Your Revolutionary War ancestor might not have been as hunky—or as brave—as Mel Gibson in The Patriot, but unlike the actors in that Oscar-nominated movie, our forebears had to dodge actual musket balls and battle real Redcoats. Unlike the characters in 1776, your ancestors probably didn’t find as much time for singing—and may not have signed the Declaration of Independence (though it’s possible!)—yet the genuine patriotic perils they faced may inspire you to belt out a few choruses of “My Country ‘Tis of Thee.”
Nothing fills family historians with red-white-and-blue pride quite like uncovering an ancestor who participated in the Revolutionary War. Whether your 18th-century family members were Founding Fathers or merely corporals in the Continental army—or kept the home front warm for those who were—they helped forge a new nation. Even if your ancestors didn’t think a split with England was such a good idea, learning about their lives during that revolutionary time can bring the invention of America out of the dust of history books and into reality.
You may dream of joining the National Society Daughters of the American Revolution. Or maybe you’re just trying to break through a brick wall that’s blocking your research right around 1776. You might even want to immerse yourself in the social history of the Revolutionary era—much as the makers of films such as The Patriot must do—and re-create the stories of your own ancestral patriots. Whatever your goal, with the wealth of resources available at libraries and online, it’s probably easier than you think.
Relearning Revolutionary history
First, though, you need to clear your mind of everything you learned in school (or at the movies) about the Revolutionary War period, and abandon your contemporary perspective. By eliminating any assumptions and relearning history, you won’t overlook any clues. Thomas L. Purvis’ Revolutionary America, 1763 to 1800 (Facts On File, $95) will help you fill in a timeline of events happening before, during and after the war—to provide you with information on your ancestors’ daily lives. Another good resource, The American Revolution by David F. Burg (Facts On File, $75), concentrates on events and major personalities; it also includes some first-person accounts. This background information will help you find out what was going on in the area where your ancestor lived.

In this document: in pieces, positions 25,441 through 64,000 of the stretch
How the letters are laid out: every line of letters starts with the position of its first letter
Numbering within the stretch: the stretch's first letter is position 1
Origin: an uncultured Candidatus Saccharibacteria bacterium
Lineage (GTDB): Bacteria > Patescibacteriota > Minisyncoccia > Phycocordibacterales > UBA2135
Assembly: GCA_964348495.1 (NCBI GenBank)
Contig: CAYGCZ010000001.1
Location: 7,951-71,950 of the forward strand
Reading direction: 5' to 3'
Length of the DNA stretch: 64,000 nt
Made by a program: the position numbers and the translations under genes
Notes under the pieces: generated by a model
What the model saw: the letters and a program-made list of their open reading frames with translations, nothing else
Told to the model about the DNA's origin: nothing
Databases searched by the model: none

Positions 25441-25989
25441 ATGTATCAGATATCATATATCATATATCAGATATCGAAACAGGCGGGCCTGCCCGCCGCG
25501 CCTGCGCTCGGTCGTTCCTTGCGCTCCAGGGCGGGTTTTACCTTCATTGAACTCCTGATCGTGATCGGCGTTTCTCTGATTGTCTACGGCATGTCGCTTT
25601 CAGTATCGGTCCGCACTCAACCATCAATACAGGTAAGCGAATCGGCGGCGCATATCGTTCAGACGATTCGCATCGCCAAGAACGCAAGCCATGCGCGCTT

Don’t concentrate on men and soldiers when researching your Revolutionary roots, either. “Remember the ladies,” wrote Abigail Adams to her husband, John, and that’s good advice for you, too. Perhaps your female ancestor contributed to the war effort by supplying goods, following the troops to take care of laundry or keeping the family farm in working order. Other women actually served as soldiers—Deborah Sampson, for example, disguised her sex and ultimately received a pension for her efforts.
Make sure you don’t skip ancestors who, by today’s standards, might have been too young or too old at the time to join the cause. Most enlisted men were between the ages of 16 and 60, but that didn’t dissuade younger and older men from signing on—drummer boys as young as 12 accompanied the troops. You might be surprised to discover your ancestral patriots were just children like Mary Redmond, John Darragh or James Forten. Redmond and Darragh were spies, and Forten was a privateer. Joseph Plumb Martin was only 14 when he enlisted—enticed by patriotism and payment of a silver dollar.